On April 29, 1992, the acquittal of four white Los Angeles police officers involved in the beating of Rodney King, an African-American man, triggered riots in Los Angeles that resulted in more than 50 dead, thousands injured and some $1 billion in property damage.
To mark the 20th anniversary of the Los Angeles Riots, The Jewish Journal invited to our offices nine prominent L.A.-based civil rights activists. We asked them to reflect as a group on two questions: Are we better off than we were 20 years ago? Could what happened in 1992 happen again here?
The result was an often-heated 90-minute conversation that vividly demonstrated the passions that the riots and the issues they raised still evoke in this city.
Samuel M. Chu, Director of national advocacy and organizing for MAZON: A Jewish Response to Hunger and research associate at the Center for Religion and Civic Culture at University of Southern California
Joe R. Hicks, Vice President of Community Advocates Inc. and the former Executive Director of the L.A. City Human Relations Commission
Hyepin Im, Founder and President of Korean Churches for Community Development (KCCD)
David A. Lehrer, President of Community Advocates Inc.
Abby J. Leibman, President and CEO of MAZON: A Jewish Response to Hunger
David Levinson, Founder and Executive Director of Big Sunday
Connie Rice, Co-founder and Co-director of the Advancement Project
Michele Siqueiros, Executive Director of the Campaign for College Opportunity
Raphael J. Sonenshein, Executive Director of the Edmund G. “Pat” Brown Institute of Public Affairs at California State University, Los Angeles
Click here for more information on the panelists.
The edited transcript:
Susan Freudenheim: When we talked about how to cover the 20th anniversary of the Los Angeles Riots, our writers discussed the fact that there are two grocery stores near the Jewish neighborhood of Pico-Robertson: One is patronized by Jews, the other, just a few blocks away, by African-Americans, and the two do not mix. This one small illustration made us wonder whether we’ve made progress in race relations over the past two decades or not.
Raphael J. Sonenshein: While so much has changed in L.A., there is still a white-black gulf in the perception of what happens on the streets, and that seems not to have changed very much in L.A. What has changed here has to do with the other groups — the rise of Latinos and Asian-Americans in the discussion, which makes L.A. a completely different city than it was 20 years ago.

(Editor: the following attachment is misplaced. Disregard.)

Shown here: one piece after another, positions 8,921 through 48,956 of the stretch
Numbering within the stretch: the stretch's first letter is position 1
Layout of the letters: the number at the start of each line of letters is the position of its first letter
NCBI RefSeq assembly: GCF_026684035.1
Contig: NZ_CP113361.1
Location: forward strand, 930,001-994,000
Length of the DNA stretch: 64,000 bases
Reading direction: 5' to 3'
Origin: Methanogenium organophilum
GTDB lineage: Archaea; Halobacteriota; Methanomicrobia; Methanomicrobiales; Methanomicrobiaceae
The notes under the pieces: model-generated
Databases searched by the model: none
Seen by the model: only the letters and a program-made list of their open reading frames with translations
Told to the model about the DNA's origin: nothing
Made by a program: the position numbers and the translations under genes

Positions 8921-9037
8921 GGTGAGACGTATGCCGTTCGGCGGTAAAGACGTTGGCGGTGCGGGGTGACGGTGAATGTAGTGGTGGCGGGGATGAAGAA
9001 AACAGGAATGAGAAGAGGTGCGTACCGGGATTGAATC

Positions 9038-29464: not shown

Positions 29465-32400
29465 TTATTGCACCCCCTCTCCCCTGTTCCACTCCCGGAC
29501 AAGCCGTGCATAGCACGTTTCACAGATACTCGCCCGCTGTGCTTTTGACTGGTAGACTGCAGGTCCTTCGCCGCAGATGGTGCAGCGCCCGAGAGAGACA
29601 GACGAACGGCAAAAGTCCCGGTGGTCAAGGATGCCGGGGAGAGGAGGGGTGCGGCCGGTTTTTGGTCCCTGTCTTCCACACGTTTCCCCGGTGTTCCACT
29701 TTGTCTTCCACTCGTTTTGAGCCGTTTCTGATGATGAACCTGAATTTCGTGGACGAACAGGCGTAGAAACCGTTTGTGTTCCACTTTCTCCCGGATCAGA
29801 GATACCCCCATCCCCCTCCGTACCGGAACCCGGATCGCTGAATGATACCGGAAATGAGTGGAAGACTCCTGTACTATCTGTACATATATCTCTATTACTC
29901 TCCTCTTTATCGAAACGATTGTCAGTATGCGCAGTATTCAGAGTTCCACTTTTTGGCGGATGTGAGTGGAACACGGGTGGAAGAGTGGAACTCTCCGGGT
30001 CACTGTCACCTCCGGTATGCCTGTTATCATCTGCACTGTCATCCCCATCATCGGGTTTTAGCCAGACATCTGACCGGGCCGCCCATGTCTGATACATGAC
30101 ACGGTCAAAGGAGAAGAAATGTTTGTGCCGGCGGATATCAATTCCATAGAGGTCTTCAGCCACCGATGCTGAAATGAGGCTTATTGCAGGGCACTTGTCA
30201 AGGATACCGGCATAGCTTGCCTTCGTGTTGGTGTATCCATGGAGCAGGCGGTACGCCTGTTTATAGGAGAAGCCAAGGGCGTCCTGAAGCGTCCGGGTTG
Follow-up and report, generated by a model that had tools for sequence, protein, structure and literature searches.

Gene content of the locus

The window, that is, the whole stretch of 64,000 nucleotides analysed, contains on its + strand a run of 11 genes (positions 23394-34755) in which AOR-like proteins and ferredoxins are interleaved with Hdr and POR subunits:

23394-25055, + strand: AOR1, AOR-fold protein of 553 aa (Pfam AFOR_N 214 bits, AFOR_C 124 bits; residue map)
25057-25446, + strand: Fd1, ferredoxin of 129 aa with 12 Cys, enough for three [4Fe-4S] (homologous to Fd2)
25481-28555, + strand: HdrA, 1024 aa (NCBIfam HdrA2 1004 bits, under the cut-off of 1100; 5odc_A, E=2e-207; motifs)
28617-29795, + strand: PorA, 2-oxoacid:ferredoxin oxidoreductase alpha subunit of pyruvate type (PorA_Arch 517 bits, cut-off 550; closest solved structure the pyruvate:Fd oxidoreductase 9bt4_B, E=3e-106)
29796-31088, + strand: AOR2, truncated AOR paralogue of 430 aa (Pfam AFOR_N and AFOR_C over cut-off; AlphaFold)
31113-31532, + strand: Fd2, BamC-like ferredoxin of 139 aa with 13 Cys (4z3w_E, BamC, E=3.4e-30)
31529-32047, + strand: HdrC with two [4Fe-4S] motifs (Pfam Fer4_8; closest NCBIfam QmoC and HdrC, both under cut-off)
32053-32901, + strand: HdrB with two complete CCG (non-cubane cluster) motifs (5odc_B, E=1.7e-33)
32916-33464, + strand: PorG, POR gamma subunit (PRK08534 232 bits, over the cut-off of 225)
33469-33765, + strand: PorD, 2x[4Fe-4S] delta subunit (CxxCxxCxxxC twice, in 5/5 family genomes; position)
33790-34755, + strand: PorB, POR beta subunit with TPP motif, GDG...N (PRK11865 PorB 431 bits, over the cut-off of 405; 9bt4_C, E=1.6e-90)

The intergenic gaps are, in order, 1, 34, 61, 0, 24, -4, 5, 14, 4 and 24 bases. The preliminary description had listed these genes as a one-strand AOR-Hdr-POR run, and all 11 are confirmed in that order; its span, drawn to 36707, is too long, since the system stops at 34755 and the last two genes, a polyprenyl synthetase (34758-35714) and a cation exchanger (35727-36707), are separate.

Connie Rice: On the individual level, there’s enormous progress. The younger generation today is, amazingly, actually integrated. They behave in a way that transcends race in a lot of ways; they’re much better on homophobia. The younger generation is really going beyond race. You see a lot of interracial families, and the rate of interracial marriage [is] going up. So, at the individual level you see a lot of progress. And you see a lot of progress politically; you couldn’t have had Barack Obama as president, if you didn’t see that.
But when we get to that unconscious racial dynamic and the unspoken suspicions that we have of each other at that tribal level, there’s no one that can convince me that that stuff can’t be triggered.
David A. Lehrer: Connie, as I’ve heard you say on innumerable occasions, the LAPD [Los Angeles Police Department] has transformed itself. It’s not an occupying force anymore.
And, talk about young people, the millennials are 95 million Americans now, and millennials, in terms of their acceptance of differences, in terms of their tolerance of different races and religions, are simply off the charts. That’s 95 million Americans out of 350 million. And they’re the future, not the past.